“If anyone gives you a good idea and you're receptive to it and you can get over your ego, that's where some of the best stuff comes from. That crew will work 10 times harder for you because they feel like they're actually like having an impact on the p
Josh Lobo is a first time director, having recently premiered his ambitious and notably sophisticated first feature, I Trapped the Devil. The taught & tense ‘tone poem’ of a movie, echoes early Roman Polanski with nods to Mario Bava. It’s a chilling and rewarding slow burn that marks the beginning of an exciting career.
Josh and I discussed filmmaking and how he was able to get his first feature off of the ground.
First, here are Josh Lobo’s key insights for aspiring filmmakers:
- Get some skin in the game. They say never put your own money into a production but in Josh’s case, he liquidated his funds to pay for his movie. In doing so, he quickly realized that if the film failed, his entire financial foundation would fail as well, which significantly raised the stakes and forced him to make the movie a success. This is true trial by fire, and sometimes gambling big on you our own success is what can make you successful.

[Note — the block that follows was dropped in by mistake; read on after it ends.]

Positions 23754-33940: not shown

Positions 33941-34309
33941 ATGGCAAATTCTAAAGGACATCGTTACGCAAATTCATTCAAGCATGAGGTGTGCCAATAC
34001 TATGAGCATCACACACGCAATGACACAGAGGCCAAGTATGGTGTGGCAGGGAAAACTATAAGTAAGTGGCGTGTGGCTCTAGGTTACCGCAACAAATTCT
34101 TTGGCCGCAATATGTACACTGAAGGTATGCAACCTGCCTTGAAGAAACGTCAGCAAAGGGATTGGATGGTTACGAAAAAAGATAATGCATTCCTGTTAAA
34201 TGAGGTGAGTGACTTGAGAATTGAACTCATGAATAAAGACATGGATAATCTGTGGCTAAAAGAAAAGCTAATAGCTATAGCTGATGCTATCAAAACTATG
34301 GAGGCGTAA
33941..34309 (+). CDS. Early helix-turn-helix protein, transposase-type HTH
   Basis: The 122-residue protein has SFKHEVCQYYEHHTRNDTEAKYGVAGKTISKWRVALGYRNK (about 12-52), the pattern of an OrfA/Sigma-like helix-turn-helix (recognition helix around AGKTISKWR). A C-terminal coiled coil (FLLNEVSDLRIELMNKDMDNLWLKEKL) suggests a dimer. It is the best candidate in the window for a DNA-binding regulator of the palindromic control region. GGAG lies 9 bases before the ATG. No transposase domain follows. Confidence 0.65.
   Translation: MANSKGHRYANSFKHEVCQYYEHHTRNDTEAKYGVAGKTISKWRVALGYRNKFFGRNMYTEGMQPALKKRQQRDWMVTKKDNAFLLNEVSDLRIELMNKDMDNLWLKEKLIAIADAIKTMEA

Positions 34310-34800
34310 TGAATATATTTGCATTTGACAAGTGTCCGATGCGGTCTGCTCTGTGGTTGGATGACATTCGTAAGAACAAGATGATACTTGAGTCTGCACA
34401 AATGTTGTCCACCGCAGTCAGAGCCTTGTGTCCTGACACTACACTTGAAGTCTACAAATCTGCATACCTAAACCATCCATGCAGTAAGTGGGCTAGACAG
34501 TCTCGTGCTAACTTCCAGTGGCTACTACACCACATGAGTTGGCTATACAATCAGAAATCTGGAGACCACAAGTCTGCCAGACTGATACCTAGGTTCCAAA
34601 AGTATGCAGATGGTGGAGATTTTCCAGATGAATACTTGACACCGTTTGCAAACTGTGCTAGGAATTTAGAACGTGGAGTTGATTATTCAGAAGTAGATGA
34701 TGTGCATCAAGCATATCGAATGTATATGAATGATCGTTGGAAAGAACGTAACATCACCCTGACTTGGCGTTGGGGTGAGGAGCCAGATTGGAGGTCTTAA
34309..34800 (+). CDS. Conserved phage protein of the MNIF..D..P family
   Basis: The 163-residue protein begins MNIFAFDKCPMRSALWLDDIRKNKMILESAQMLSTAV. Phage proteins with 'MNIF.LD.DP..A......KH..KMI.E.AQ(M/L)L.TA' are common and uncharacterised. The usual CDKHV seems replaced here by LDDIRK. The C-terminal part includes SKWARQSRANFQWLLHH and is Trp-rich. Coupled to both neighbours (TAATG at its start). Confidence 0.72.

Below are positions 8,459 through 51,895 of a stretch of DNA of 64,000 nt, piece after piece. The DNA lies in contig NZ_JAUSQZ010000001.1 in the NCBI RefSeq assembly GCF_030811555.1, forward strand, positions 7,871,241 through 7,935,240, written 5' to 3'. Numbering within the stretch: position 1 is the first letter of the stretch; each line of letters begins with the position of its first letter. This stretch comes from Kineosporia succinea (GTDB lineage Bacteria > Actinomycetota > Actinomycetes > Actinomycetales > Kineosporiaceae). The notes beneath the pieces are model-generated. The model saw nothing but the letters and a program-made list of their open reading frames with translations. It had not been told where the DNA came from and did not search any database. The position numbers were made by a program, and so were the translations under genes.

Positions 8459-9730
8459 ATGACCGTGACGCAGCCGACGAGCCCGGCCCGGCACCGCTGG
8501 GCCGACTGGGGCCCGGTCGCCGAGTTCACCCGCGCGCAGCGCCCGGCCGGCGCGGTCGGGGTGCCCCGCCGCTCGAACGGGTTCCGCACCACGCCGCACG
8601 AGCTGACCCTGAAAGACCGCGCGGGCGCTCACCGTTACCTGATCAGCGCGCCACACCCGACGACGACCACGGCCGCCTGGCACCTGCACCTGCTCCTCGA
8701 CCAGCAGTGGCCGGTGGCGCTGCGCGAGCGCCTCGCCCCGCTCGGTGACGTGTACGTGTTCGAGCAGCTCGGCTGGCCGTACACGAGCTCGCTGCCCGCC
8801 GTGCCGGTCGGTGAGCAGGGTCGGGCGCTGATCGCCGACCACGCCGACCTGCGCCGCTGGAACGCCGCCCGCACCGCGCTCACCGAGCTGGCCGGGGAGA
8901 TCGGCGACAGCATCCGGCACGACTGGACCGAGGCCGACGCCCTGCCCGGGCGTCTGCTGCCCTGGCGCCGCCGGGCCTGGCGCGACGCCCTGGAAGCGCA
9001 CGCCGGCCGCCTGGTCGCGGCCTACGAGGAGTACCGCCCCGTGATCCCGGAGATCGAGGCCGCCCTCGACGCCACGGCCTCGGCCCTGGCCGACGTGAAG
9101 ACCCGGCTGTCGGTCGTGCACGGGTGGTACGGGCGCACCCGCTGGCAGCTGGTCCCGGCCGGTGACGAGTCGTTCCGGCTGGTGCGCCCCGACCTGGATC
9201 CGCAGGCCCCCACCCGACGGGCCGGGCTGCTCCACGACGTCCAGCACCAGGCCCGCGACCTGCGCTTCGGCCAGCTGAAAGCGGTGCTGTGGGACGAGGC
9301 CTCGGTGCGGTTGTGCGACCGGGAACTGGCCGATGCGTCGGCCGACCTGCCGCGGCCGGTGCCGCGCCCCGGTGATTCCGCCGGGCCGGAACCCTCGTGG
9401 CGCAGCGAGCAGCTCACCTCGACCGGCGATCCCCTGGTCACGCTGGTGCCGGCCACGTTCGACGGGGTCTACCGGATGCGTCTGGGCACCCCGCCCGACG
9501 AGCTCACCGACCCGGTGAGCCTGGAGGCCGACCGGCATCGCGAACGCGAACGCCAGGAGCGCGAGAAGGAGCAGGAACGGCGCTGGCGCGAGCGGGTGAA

- Don’t over-plan your shots, focus on what’s in front of you. Josh refuses to story boars or shot list because it enables him to approach a set without pre-conceived notions of scenes and performances. This is definitely a risky move, but it’s also what David Lynch does to get the most raw and organic takes. Doing this requires you to know your crew and location exceptionally well, so if you throw out the shotlists and storyboards, make sure you do your homework first.
- Find and nourish a crew community. Developing a creative shorthand is key to being a director and having consistent collaborators is a key part of doing this. Work on developing your working relationships with a crew over time. After a while, you will all be in lockstep together and your productions will go more smoothly because you will have a circle of people that you can rely on when the going gets tough on set. Being able to pick his crew is so important to Josh that he claims he’d walk off of a project if he couldn’t pick his crew. He also very humbly states that the crew is what made his movie so good. Find your crew, and nourish your relationship with them.
- Collaborate closely with your actors. Good actors are critical to the success of any movies but particularly low budget ones. One of the best ways to attract great actors and get incredible performances out of them is to turn to them as actors to help you flesh out the characters. Find out what your actors want to do and craft the characters and performances around what they are passionate about. You and your actors are there to find it together. Being receptive to their ideas and desires allows them to feel more involved and invested in the project which will inspire them to work harder and give a better performance.
Produced by Simpler Media